Jan. 22, 2012
By Bob Thomas, Seminoles.com
BIRMINGHAM, Ala. – Senior Kemar Hyman has spent the vast majority of his Florida State track & field career on the edge of the spotlight that has shined brightest on sprint teammates Maurice Mitchell and Ngoni Makusha.
Saturday afternoon at the Auburn Invitational, the Cayman Island native took center stage in the middle of the bright light. After shaving one-tenth of a second off his personal-best time in a preliminary heat of the 60-meter dash, Hyman tapped into his hyper light-speed powers in the final.
Chasing Auburn’s Harry Adams out of the starting blocks, Hyman nearly pulled off the comeback. Instead he happily accepted his runner-up time of 6.56, which earned him an automatic berth to the NCAA Indoor Championship, but put him in elite company.
Hyman equaled his country’s national record in the 60-meter dash, which had been held alone by Kareem Streete-Thompson since 2004. Ironically, Streete-Thompson was a volunteer assistant coach for the Seminoles last season. Hyman also came within .01 of matching Mitchell’s Florida State school mark.
“I just wanted to compete; I raced to win,” said Hyman, who earned All-American honors last season outdoors when he led off Florida State’s NCAA championship 4×100-meter relay team.
While Adams held on for the win, Hyman posted the second-fastest 60-meter time in the world this year, behind the winning 6.55 mark.
“Hyman was definitely the highlight of the competition with his 6.56 – a fantastic time,” FSU associate head coach Harlis Meaders said.
There were other impressive efforts in what was essentially the first indoor track meet of the season for the Florida State runners. Not surprisingly, the Karen Harvey-coached women’s distance team was once again leading the charge. FSU placed three freshmen in the top seven of the women’s one mile run, paced by the 1-2 finish of Colleen Quigley (4:47.16) and Aubree Worden (4:49.17), both of whom shattered previous career bests. Fellow frosh Linden Hall was seventh (4:51.91)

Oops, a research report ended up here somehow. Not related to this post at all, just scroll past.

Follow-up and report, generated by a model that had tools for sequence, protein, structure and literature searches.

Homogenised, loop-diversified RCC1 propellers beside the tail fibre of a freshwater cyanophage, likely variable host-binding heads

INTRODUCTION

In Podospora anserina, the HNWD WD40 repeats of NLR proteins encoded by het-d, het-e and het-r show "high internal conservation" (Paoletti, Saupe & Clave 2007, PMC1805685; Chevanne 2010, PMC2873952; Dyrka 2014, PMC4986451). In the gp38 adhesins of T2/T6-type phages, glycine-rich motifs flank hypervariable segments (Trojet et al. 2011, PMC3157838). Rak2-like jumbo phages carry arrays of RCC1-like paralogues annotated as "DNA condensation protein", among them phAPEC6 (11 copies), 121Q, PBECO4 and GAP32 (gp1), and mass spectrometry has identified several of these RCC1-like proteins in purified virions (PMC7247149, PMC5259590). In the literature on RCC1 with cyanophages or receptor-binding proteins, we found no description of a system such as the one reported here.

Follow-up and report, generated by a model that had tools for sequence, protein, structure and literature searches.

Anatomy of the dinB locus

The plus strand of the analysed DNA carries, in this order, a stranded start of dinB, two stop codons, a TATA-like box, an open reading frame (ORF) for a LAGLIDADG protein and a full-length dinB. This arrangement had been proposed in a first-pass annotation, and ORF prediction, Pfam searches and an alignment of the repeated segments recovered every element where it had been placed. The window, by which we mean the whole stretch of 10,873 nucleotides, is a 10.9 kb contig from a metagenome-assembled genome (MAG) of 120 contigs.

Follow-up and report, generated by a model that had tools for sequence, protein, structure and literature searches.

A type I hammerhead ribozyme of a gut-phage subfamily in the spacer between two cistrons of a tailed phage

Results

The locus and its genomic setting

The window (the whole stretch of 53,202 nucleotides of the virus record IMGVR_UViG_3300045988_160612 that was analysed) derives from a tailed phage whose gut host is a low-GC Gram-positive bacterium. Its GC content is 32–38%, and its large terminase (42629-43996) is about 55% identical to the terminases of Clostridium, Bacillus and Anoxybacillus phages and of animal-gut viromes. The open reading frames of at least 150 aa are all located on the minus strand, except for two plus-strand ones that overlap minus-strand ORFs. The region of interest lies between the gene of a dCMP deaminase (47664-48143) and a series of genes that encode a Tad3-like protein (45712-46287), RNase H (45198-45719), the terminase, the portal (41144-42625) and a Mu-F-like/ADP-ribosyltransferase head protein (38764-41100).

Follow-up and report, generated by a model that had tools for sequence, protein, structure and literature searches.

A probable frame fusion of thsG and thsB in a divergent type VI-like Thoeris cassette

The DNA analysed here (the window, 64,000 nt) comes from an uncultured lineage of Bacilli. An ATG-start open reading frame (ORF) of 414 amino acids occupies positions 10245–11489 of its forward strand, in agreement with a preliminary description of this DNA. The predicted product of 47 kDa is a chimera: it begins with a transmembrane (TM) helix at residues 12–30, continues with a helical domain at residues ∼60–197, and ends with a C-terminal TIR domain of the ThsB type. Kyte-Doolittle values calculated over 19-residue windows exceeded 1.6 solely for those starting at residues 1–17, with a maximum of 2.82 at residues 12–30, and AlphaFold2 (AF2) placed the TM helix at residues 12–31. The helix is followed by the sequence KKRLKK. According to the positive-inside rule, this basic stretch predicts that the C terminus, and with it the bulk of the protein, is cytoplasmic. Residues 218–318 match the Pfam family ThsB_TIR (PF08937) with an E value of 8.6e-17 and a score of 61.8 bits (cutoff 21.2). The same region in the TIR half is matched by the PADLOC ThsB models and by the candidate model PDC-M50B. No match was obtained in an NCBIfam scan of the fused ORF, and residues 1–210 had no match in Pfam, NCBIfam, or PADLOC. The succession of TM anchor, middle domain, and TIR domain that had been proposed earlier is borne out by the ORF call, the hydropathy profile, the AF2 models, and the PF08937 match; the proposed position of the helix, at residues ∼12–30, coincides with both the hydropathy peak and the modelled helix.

While Harvey’s youngsters were assigned the shorter distance, her veterans certainly demonstrated their moxie in the 3,000 meters. Hammering out lap-after-lap at the targeted pace, Hannah Brooks (9:20.11) and Amanda Winslow (9:20.83) led a 1-2-3 Seminole charge with Violah Lagat (9:22.57) kicking it home around the final lap.
“The second competition of the year was a move in the right direction,” Meaders said. “We had almost a complete entourage of athletes out competing. We saw a lot of positive things.
“We had people in field events step up and have performances that we think will lead to points at the conference championship. We’ll take a week and go up to Arkansas next week, bring out some more of the top-level kids to make their season debut, and continue to make progress toward the [ACC] championship meet.”
The FSU women received scoring contributions in three field events, led by sophomore Chelsea Whalen’s person-best 15.02m (49-3 ½) effort in the shot put, which was good enough for sixth place.
“Chelsea was fantastic,” Meaders said. “After a very rough start in the prelims she bounced back and performed at a level we knew she was capable of doing. Fifteen meters was a mark we knew we could hit. I didn’t know if we were ready to hit it this soon in the season, but it just shows her tenacity and ability to compete under pressure.”
There were a few more highlights on the men’s side, including outstanding preliminary efforts in the 60m hurdles by Tremaine Grant (7.94) and Justin Byrd (8.15); both personal records. Unfortunately, they were unable to back up their times in the finals, with Byrd finishing fifth and Grant seventh.
Junior Darrin Gibson ran wisely through the first three laps of the 800-meter race, then put on a strong finishing surge that nearly stole the race, finishing second in 1:52.54. That was just .25 off the victory.
Redshirt freshman Markindey Sineus actually put the Seminoles on the scoreboard first on Friday night with his sixth-place finish in the weight throw (17.59m, 57-8 ½). Sineus’ first collegiate competition in the weight throw as a Seminole bodes well for a potential point-producing effort at the ACC Championships.